Folk music

Virtual musical highlights action on climate change


Guelph singer-songwriter James Gordon uses his folk-pop music to share stories and effect change. Half of the proceeds from tonight’s show will be donated to the KW section of the Council of Canadians and the Region of Waterloo.

Guelph singer-songwriter and city councilor James gordon was on tour for his one-man show, Emergency Climate Musical by James Gordon, when the pandemic struck, bringing the tour to an abrupt end.

After a few months of shutting down, he started to think about how the show could continue.

“Climate change doesn’t take a vacation during the pandemic,” Gordon said. “I think I have found a way to make it a meaningful work despite the strange medium on which it is presented.”

In February 2021, he begins the virtual tour of the show, playing one concert per week. Each show is created in conjunction with local sponsors, so the show is somewhat tailored to the city it is intended for, and fifty percent of the proceeds go to local charities.

the one tonight 7:00 p.m. show is “in” Kitchener, and half of the proceeds will go to the Kitchener Waterloo Chapter of the Council of Canadians and the Waterloo Basic Income Region.

The live show was originally two hours long, but unwilling to induce further Zoom fatigue, Gordon shortened it to an hour long show with time for a Q&A afterwards. The show will also include videos, images and various talking points, as well as audience participation, to really engage people.

In fact, he says his “biggest thrill” in making these shows is audience participation.

“Part of the purpose of being an artist, I think, is wanting to simulate a conversation,” he said. And while online shows have their limits, he’s still able to engage with them virtually.

The first half of the show is devoted to laying out the issues at stake, and the second half is devoted to figuring out what can be done about them.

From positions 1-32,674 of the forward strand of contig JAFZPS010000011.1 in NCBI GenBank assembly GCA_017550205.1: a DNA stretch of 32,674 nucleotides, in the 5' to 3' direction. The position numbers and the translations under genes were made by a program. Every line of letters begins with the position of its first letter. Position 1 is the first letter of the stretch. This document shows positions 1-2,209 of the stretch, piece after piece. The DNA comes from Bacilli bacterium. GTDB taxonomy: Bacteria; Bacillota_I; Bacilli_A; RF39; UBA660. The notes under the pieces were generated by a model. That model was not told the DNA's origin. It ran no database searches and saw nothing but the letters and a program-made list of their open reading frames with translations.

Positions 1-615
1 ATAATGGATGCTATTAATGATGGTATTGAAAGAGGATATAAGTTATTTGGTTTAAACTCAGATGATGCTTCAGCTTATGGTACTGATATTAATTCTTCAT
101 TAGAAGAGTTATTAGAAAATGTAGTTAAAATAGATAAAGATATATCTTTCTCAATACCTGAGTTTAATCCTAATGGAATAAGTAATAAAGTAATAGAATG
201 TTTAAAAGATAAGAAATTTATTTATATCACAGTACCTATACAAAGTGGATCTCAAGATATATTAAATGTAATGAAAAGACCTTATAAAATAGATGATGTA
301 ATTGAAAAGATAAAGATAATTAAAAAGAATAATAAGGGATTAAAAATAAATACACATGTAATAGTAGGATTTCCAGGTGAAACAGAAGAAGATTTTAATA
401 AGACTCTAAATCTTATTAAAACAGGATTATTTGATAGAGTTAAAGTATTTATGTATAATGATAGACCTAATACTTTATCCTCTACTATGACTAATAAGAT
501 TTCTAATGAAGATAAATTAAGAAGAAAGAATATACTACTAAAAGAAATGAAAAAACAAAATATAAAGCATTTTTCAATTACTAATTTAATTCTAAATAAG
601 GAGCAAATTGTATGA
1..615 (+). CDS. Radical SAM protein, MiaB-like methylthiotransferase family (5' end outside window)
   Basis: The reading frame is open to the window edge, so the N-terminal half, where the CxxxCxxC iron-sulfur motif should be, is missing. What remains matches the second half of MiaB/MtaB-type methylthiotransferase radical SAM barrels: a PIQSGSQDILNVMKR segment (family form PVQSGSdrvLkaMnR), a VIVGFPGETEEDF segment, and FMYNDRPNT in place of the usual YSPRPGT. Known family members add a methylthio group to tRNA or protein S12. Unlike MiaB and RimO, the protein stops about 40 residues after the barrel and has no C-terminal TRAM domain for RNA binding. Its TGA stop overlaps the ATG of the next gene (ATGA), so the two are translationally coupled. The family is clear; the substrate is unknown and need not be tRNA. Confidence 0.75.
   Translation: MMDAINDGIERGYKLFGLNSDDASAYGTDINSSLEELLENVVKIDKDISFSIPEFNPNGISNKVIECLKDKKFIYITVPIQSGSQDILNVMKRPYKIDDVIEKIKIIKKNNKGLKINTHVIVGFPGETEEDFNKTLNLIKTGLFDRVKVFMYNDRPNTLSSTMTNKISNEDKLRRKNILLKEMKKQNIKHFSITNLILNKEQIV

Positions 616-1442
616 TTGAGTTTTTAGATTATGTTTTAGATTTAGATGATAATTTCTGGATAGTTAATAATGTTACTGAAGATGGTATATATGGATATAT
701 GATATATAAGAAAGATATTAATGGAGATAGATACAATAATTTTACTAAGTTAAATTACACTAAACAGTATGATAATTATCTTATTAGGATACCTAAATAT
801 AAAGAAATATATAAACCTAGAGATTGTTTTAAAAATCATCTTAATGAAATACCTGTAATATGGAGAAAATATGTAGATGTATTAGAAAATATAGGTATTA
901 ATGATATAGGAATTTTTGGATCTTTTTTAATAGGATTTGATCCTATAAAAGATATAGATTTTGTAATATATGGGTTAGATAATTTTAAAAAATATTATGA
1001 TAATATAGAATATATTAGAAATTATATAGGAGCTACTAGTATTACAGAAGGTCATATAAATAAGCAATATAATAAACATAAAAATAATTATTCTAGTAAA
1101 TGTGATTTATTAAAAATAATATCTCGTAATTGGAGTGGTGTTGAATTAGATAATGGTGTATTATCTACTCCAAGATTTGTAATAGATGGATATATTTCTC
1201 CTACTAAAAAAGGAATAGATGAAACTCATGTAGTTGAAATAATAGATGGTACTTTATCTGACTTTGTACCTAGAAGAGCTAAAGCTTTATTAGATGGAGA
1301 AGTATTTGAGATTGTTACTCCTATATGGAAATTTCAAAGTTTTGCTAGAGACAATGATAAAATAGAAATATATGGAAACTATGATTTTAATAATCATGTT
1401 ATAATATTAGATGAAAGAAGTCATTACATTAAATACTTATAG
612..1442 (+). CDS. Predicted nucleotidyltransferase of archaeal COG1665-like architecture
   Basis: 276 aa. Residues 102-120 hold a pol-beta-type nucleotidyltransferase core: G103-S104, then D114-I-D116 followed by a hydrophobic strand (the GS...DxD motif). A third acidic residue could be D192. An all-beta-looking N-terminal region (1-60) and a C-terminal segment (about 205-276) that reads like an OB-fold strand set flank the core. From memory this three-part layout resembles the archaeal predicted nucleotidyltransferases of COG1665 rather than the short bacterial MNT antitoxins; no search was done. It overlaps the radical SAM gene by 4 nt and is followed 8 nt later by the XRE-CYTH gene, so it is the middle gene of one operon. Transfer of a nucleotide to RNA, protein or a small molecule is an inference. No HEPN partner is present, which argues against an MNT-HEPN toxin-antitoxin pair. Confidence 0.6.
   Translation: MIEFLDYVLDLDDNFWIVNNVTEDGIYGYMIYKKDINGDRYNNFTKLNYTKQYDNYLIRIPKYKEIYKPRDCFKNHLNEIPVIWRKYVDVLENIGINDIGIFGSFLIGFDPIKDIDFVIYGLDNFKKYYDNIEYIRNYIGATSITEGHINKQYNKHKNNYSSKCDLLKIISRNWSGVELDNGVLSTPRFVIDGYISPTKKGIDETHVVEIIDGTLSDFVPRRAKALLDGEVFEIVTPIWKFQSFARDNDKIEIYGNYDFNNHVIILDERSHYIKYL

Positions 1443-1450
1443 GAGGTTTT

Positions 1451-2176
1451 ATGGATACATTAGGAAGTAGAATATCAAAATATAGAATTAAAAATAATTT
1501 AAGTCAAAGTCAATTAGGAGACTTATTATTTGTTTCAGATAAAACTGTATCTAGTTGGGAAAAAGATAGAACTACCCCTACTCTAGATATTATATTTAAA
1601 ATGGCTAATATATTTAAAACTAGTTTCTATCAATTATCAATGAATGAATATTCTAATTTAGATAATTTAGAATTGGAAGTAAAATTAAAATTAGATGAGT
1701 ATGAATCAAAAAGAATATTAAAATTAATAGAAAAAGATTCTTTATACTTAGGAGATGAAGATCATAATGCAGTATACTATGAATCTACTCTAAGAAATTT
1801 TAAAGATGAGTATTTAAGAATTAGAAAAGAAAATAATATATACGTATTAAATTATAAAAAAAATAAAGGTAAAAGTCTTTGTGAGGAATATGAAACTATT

“And then towards the end, after we’ve shared a lot of information, with my help, the audience writes a song themselves. So I just set up a blank digital sheet and we start thinking. That means they’re a part of the show as well, and that’s pretty fun, ”he said.

Having the shows online also means that while each show is held in a different city, people can join from anywhere in the world. A few weeks ago he testified that people in British Columbia and the Maritimes were watching a program he was doing “in” Hamilton.

The title of the show comes from events that unfolded in his political career. Gordon said he brought forward an emergency climate motion “to declare“ yes, we know there is an emergency. ”And while Guelph is a fairly progressive city, the motion was not successful. adopted, ”he said.

Not wanting to take no for an answer, Gordon decided to change his mind.

“As a politician, I can stand up and give a speech about it, but it’s boring, so being able to use the media that I have, I think that would bring more life to the issues, and especially online. , I don’t think everyone wants to just sit back and watch a guy play his guitar on a screen all by themselves, so improvements with videos and things are ways to liven it up and keep people engaged ” , did he declare.

Gordon has been in the music business for 40 years and has released over 40 albums – something he says he can’t stop doing.

“[Songwriting] was not my choice. It just seemed to happen, I’ve always done it, ”he said.

His self-proclaimed roots-pop-folk music has a unique twist, as he focuses on collecting stories and producing content based on them.

“I don’t tend to write about myself a lot. I often talk about environmental issues or Canadian identity or heritage, and because I have this side gig as a politician, my music also has to get a little political, ”he said.

This emphasis on storytelling has played an important role in his career since the late 1970s, when Gordon performed in Canadian folk group Tamarack.

“Our mandate seemed to tell Canadian stories,” he said. Touring across Canada, members of the public often approached them afterwards, wanting to share their own stories.

“I feel like part of my job is to reflect these [stories]to give a voice to issues and people who would not be heard otherwise, ”he said, adding that he was happy if he left a show knowing that only one audience member decided to reduce your footprint or join a local organization that can contribute to change.

While people might expect a conference on climate change and environmental stewardship, he noted his performance falls short.

“First and foremost, I recognize the value of entertainment – I want to make you laugh, I want to make you cry, I want to make you think, and that means I have to put on a good show too,” he said. he declares. .



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